forester licensing regs in Massachusetts
woodtick at lebmofo.com
Wed Dec 30 18:20:44 EST 1998
> >Ron Wenrich <woodtick at lebmofo.com> wrote:
> >The problem we have with forestry is that the vast amount of
> >landowners don't like what we are trying to sell. The crop takes too long >to
> grow, and in this day of instant gratification, most landowners are turned >off
> by the idea of saving something for the next generation.
> I find most landowners are happy to hear that they can be earning 10-15% on
> their timber investment with good management--and doing good stewardship at the
> same time. But if they've talked to other consultants, and especially if
> they've talked to our state disservice foresters, they may be skeptical about
> my claims.
> Most consultants, and ALL disservice foresters, are still reciting the old 3-5%
> mantra. Consultants don't like to admit they've been conned, and disservice
> foresters don't like to admit they've been conning consultants and the public
> for decades.
Historically, hardwoods have outstripped inflation by 3%. This doesn't count
growth, just value change. Still, the amount of time from management to the time
of payoff is farther off than most other investments. Then you have the old guy
who wants to liquidate the stand instead of giving it to the kids. If a landowner
wants cash, the stand will be liquidated, no matter what the rate of return is.
And with land changing hands at the rate of once every 7 yrs, continuous mgmt is a
> >The regulation would than be that all commercial harvesting of timber will
> >require a harvesting plan registered by a licensed forester.
> That's exactly what we're talking about here in MA.
The only place that there are any required harvesting plans in PA is a few local
govts. No licensing in PA, and without any complaints, I don't see it anytime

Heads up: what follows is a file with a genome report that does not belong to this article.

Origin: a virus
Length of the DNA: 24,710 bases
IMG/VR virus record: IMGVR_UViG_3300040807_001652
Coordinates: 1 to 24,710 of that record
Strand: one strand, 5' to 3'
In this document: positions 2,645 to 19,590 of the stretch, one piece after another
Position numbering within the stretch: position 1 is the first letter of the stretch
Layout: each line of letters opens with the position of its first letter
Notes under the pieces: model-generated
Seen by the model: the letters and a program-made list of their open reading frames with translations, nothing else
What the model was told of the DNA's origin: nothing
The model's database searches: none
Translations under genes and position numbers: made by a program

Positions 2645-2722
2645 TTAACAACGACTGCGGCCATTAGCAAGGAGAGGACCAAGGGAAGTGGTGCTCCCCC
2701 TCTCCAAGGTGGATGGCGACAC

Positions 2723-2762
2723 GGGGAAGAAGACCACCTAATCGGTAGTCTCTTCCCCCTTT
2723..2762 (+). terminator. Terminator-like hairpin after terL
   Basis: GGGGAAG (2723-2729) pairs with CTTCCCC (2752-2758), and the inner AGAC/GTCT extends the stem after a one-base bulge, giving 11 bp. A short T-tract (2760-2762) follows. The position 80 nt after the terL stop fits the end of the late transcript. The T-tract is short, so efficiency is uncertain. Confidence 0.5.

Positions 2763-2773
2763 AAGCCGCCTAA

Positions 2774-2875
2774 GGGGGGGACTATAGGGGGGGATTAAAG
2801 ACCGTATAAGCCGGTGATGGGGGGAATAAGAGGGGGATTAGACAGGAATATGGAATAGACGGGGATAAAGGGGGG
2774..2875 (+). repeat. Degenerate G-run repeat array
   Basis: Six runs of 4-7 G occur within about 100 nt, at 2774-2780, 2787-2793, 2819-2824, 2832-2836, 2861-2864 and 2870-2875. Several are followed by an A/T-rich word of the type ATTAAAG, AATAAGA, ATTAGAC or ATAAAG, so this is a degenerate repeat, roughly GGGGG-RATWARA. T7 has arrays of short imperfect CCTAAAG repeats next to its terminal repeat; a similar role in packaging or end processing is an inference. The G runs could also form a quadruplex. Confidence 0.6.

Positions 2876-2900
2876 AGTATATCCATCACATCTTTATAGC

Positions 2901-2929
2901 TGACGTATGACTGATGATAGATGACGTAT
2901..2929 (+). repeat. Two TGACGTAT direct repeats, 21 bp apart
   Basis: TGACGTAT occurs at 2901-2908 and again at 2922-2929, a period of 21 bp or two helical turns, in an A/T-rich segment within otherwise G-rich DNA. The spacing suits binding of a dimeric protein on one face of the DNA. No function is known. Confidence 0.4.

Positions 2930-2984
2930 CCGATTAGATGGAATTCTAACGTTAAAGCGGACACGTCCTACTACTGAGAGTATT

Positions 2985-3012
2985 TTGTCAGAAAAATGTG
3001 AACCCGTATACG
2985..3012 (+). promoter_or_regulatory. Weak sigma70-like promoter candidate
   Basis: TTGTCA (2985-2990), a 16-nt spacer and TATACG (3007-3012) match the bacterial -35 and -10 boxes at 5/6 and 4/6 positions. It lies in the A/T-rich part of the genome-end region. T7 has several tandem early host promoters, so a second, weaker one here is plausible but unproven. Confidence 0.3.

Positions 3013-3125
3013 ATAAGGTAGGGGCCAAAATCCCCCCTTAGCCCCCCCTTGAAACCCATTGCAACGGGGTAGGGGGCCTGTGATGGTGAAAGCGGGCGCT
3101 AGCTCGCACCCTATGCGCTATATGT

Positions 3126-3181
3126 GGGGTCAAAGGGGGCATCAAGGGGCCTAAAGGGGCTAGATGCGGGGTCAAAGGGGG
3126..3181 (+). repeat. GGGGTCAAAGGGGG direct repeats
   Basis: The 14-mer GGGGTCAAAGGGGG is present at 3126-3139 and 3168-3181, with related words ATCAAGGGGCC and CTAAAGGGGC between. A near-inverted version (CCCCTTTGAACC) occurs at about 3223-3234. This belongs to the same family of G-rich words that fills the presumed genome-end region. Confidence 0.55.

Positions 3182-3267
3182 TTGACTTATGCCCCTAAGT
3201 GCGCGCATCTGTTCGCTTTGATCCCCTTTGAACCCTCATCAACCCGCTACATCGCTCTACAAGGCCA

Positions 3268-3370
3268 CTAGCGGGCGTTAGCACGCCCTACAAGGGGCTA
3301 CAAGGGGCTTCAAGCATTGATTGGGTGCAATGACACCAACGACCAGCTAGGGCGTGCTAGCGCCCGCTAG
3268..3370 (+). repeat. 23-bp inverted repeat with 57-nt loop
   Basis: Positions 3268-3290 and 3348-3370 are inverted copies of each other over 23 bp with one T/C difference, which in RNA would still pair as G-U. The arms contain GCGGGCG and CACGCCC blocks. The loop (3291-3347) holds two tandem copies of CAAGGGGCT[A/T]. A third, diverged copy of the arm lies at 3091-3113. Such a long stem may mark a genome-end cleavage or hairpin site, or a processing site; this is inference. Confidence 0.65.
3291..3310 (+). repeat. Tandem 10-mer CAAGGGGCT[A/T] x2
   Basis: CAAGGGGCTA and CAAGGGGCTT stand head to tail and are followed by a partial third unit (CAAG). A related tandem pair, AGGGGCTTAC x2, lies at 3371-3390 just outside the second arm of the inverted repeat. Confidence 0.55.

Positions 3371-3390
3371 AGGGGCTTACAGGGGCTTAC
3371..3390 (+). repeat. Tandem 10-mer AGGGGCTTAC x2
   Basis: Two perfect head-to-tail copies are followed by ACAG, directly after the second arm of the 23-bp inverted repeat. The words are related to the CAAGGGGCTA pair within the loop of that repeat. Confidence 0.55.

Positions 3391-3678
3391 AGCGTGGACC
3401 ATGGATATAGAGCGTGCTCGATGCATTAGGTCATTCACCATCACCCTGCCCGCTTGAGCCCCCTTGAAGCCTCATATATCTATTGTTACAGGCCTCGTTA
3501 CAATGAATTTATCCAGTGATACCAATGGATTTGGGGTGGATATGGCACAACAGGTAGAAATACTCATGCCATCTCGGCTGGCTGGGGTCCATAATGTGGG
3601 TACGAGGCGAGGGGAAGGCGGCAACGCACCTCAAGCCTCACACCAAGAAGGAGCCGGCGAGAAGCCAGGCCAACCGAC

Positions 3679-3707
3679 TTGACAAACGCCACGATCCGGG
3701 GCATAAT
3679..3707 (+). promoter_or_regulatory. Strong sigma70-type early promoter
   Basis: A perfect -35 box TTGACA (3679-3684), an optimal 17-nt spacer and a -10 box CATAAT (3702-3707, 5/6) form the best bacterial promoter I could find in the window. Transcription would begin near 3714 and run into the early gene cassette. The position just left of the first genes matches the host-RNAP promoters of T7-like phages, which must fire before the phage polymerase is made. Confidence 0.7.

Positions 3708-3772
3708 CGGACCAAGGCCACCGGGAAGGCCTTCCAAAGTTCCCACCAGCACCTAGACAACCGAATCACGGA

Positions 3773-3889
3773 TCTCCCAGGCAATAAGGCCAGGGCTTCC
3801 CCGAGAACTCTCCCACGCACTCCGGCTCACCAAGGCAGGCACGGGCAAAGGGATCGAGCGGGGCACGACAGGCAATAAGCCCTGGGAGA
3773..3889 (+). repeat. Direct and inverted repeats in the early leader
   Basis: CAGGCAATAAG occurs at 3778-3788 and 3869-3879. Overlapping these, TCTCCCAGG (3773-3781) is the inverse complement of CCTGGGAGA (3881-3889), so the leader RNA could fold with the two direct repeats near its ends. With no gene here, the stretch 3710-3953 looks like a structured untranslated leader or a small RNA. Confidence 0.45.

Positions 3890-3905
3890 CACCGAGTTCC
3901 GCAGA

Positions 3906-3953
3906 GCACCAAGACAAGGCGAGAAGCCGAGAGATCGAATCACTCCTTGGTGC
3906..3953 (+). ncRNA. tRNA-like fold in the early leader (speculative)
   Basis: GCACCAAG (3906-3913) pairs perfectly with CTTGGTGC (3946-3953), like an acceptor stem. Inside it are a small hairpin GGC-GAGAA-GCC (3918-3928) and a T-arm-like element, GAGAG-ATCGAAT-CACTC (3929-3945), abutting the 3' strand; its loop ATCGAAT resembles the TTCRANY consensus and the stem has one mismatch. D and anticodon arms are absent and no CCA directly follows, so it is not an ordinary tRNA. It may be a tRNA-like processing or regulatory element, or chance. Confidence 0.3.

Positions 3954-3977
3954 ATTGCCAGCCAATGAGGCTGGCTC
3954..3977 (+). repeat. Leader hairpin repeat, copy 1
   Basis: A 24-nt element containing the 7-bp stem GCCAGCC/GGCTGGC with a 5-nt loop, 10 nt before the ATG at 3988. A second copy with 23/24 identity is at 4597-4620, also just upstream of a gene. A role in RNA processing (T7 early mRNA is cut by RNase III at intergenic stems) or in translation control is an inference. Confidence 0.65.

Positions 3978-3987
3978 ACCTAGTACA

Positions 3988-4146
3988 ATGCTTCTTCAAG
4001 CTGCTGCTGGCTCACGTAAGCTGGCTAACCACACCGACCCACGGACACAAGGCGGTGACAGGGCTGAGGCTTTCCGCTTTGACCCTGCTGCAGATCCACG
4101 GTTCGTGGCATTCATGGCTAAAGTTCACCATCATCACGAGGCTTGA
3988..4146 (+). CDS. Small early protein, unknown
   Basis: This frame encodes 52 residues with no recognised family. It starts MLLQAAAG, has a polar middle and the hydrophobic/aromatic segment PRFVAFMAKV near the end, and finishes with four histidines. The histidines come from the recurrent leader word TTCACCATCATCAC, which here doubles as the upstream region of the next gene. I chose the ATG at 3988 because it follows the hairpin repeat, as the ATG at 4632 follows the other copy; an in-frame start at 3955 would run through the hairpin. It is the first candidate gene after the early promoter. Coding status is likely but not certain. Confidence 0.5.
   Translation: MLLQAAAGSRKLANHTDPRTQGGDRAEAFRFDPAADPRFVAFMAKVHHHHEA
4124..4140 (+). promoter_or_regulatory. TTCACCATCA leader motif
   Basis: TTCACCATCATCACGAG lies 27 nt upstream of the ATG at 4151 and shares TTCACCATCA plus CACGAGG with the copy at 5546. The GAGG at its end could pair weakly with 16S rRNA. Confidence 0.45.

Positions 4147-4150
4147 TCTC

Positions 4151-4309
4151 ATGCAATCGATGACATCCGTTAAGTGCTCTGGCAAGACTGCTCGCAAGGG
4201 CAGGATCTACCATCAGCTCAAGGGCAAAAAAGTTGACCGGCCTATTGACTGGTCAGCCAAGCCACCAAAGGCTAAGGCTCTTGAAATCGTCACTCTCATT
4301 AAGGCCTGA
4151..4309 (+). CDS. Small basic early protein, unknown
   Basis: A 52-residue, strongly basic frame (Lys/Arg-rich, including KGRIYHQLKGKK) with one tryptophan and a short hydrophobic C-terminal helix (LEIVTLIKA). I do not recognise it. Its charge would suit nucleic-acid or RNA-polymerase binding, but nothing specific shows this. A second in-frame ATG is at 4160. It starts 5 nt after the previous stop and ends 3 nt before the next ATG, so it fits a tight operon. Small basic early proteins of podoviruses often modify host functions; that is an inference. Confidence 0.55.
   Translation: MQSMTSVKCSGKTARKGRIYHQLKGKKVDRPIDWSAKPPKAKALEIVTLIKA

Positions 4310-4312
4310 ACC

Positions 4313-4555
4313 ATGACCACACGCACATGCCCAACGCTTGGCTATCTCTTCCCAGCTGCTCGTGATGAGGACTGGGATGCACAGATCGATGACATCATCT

> > The problem is that the enforcement of these regulations are by the local
> >engineer, who just rubber stamps whatever the logger wants. It may be >easier
> to implement the regs that you want at a local level.
> What you have with local engineers approving harvesting plans is totally
> bonkers. I mean, that makes MA sound like forestry paradise. <G> So are you
> talking about just shifting that authority to licensed foresters? If so, that
> sounds reasonable.
> But there would still be the problem of hundreds of different sets of regs by
> different towns and counties. Or is this something that you and other
> foresters and loggers can live with?
Actually, the few Mickey Mouse regs that have been adopted by locals have been
easily sidestepped by the industry. You have to realize that none of these regs
have been written by a competent forester. They have been written because of some
lousy logging jobs. The regs are written and administered by the twp engineer.
Some require a mgmt plan. These engineers will readily admit that they have no
qualifications to review my work and will just OK anything that comes across their
desk that has a BS forester's name on it. So, the regs are pretty much worthless
since the enforcement is lacking.
However, if an astute consultant were to approach these locals and help them write
meaningful regs and do the reviews, everyone would be better off. No consultants
have stepped up to the plate as of yet. After one or two locals have an effective
program, others will mirror that program or make it better. I doubt if there will
be hundreds of different regs. Eventually, I imagine it would become pretty
> >Commercial logging on self owned lands would be exempt, as well as state >and
> federal lands.
> Why would these lands be exempt?
I would exempt these lands to get around the "takings" issue on private lands.
State and federal lands can't be regulated at the local level. Otherwise the
locals would tax them at the same rate as the privates. Very few individuals
would be equiped to log their own lands, except local farmers and loggers. This
gives some protection to the other landowners.
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